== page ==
The ESG dual mandate
What do the Fed and impact investing have in common?
If you find yourself questioning the famous proverb, “You can’t have your cake and eat it, too,” then you will appreciate one of the longstanding debates in impact investing. For years, people interested in investments advancing sustainable development have been told they must enjoy losing money. A fund seeking a positive impact on a social or environmental issue has a negative one on the wallet. You simply can’t have it both ways.
Or can you? A stroll down Constitution Avenue on the Mall in Washington, D.C., will take you past an institution that has been dealing with two objectives for decades. In 1977, Congress tasked the Federal Reserve with cultivating low inflation and a healthy labor market. Economists affectionately refer to it as the “dual mandate.” That’s as big a precedence as you can get.
The point here is that objectives often seem more oppositional than they are in practical application. That’s been seen in the rise of sustainable and impact investing. Structured differently and taking a more diverse approach than their predecessors, many of these investment strategies are seeking to fulfill a dual mandate to balance nonfinancial and financial goals alike. Faced with the false choice between investments yielding robust returns and those seeking to make a difference in the world, the answer is increasingly, “Why not both?”
The main argument against such a two-for-one is that financial connectivity and performance is quantifiable, while environmental or social impact is not. Qualitative assessments certainly play a large role in judging sustainability criteria, and the regulatory tides on either side of the Atlantic differ. But including relevant environmental, social and governance (ESG) knowledge into the decision-making process can be potent. Many a company with attractive valuations has floundered—or even foundered—due to self-inflicted ecological disasters, questionable human rights practices or inadequate internal controls. More and more, portfolio managers are looking for the symptoms of these material breakdowns with the same fervor they scour a balance sheet. But the application of material ESG information doesn’t have to be solely for prudent risk management. It also can serve specific client interest by identifying underappreciated investment opportunities in companies whose business models can potentially contribute to the real-world benefit of people and planet over the long-term.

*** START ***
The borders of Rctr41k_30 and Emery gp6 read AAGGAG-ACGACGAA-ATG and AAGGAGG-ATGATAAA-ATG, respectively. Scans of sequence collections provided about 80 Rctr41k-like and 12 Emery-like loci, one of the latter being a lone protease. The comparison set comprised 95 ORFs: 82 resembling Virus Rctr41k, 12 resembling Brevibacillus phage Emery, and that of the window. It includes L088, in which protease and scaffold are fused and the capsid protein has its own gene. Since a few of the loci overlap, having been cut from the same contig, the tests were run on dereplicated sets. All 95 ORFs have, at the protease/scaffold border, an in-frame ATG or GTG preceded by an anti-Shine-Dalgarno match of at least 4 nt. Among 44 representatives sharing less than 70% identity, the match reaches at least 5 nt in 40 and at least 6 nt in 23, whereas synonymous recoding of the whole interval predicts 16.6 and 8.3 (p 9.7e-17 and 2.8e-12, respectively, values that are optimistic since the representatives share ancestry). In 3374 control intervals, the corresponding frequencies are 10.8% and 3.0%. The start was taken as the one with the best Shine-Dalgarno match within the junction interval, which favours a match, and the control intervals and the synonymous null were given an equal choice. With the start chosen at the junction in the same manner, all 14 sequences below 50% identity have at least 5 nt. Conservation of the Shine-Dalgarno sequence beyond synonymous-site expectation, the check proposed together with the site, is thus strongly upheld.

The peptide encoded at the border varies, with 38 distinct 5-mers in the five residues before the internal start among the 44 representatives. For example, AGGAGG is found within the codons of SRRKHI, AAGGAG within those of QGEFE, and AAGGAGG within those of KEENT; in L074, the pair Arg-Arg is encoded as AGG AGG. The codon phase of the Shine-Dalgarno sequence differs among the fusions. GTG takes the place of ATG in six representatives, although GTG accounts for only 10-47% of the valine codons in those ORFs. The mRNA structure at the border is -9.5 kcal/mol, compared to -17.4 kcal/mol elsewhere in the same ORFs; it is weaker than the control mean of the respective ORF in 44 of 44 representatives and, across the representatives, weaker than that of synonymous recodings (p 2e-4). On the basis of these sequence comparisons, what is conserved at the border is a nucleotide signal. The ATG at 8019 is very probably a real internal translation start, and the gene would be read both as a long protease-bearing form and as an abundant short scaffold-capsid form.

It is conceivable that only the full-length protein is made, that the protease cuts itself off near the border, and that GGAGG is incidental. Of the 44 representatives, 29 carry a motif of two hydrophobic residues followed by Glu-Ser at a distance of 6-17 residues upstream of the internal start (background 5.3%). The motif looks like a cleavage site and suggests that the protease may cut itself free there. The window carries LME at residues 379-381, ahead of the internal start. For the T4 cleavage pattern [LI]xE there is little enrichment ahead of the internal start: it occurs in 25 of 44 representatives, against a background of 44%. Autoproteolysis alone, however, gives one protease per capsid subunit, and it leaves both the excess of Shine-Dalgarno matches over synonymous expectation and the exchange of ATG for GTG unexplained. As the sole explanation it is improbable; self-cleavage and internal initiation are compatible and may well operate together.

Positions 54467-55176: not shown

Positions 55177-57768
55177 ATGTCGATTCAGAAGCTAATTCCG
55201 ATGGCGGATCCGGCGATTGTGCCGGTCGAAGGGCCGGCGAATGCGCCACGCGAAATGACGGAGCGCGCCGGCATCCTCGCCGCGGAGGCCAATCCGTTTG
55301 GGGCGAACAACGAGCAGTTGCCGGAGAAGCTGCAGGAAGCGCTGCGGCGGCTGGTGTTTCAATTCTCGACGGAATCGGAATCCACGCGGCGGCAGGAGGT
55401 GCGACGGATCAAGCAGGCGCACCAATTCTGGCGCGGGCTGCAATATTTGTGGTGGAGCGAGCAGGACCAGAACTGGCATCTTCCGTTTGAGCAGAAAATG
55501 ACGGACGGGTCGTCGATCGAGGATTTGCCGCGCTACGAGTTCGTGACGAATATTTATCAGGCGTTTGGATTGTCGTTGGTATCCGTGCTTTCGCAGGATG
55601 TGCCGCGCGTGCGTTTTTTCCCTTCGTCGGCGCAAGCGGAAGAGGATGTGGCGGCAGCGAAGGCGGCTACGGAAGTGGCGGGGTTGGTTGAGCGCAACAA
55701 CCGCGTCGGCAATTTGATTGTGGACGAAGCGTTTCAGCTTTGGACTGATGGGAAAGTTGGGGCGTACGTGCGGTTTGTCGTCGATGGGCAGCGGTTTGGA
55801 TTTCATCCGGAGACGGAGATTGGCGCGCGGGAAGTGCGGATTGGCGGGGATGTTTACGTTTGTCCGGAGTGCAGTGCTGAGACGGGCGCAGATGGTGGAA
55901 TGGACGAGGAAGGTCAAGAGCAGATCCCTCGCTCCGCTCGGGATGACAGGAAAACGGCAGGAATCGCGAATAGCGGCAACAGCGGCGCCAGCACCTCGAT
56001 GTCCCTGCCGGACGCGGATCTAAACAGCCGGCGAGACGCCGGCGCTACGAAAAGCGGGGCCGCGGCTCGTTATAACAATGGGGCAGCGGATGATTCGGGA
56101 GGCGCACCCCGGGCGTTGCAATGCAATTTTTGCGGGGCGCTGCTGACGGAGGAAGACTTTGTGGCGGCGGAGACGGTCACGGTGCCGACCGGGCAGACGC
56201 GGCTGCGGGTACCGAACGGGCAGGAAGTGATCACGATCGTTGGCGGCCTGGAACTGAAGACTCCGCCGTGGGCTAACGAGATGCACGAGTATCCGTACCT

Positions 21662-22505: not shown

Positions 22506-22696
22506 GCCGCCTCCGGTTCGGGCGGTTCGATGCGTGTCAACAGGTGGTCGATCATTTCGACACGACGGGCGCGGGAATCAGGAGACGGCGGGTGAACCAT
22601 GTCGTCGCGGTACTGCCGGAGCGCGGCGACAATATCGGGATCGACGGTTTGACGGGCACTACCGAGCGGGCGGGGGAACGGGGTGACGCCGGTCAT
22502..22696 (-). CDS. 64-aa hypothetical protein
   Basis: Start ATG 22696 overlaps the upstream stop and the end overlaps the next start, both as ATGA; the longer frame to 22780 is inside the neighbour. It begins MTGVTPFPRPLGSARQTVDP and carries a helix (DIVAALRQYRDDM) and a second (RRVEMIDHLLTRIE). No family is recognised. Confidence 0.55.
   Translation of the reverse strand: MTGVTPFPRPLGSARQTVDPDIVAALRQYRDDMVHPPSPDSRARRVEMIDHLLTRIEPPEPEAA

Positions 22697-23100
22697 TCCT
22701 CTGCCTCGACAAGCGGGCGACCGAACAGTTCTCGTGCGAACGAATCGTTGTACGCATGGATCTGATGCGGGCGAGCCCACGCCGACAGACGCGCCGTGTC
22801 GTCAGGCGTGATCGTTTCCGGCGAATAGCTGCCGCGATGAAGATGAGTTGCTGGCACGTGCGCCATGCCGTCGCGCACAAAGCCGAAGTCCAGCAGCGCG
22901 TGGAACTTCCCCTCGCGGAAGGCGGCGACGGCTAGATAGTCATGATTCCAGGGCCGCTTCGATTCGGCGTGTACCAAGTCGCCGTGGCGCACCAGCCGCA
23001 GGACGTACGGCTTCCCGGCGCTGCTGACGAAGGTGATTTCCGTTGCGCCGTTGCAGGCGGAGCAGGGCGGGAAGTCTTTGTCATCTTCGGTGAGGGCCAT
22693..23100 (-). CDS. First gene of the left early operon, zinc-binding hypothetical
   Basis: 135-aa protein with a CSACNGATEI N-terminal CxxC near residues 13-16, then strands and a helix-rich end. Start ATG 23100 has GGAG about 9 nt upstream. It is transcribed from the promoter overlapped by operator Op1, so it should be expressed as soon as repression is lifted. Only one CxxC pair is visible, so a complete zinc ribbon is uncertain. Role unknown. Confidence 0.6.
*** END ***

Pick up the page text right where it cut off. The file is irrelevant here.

Opportunities for betterment can include secular themes such as circular economy, improving health, agriculture and water supply, financial inclusion, clean energy and education. Many of these megatrends align well with the United Nations Sustainable Development Goals (SDGs), which make them future-focused opportunities. Organizations such as the Global Impact Investing Network (GIIN) and others have built frameworks to help stakeholders determine what to consider with impact management.
Dual mandates tend to work better when they balance each other. Here the Fed is again an apt model. After slashing rates in part to support those unable to work when Covid-19 arrived in force, it has flipped to a tightening cycle to curb soaring inflation. The balancing act, while tricky in terms of timing and magnitude, helps prevent policymakers from egregious policy errors. The whole is indeed greater than the sum of its parts. A company that myopically considers only near-term profits can be blinded to serious long-term headwinds that an inclusion of ESG factors might unearth. Investors should no more ignore these than they should fight the Fed.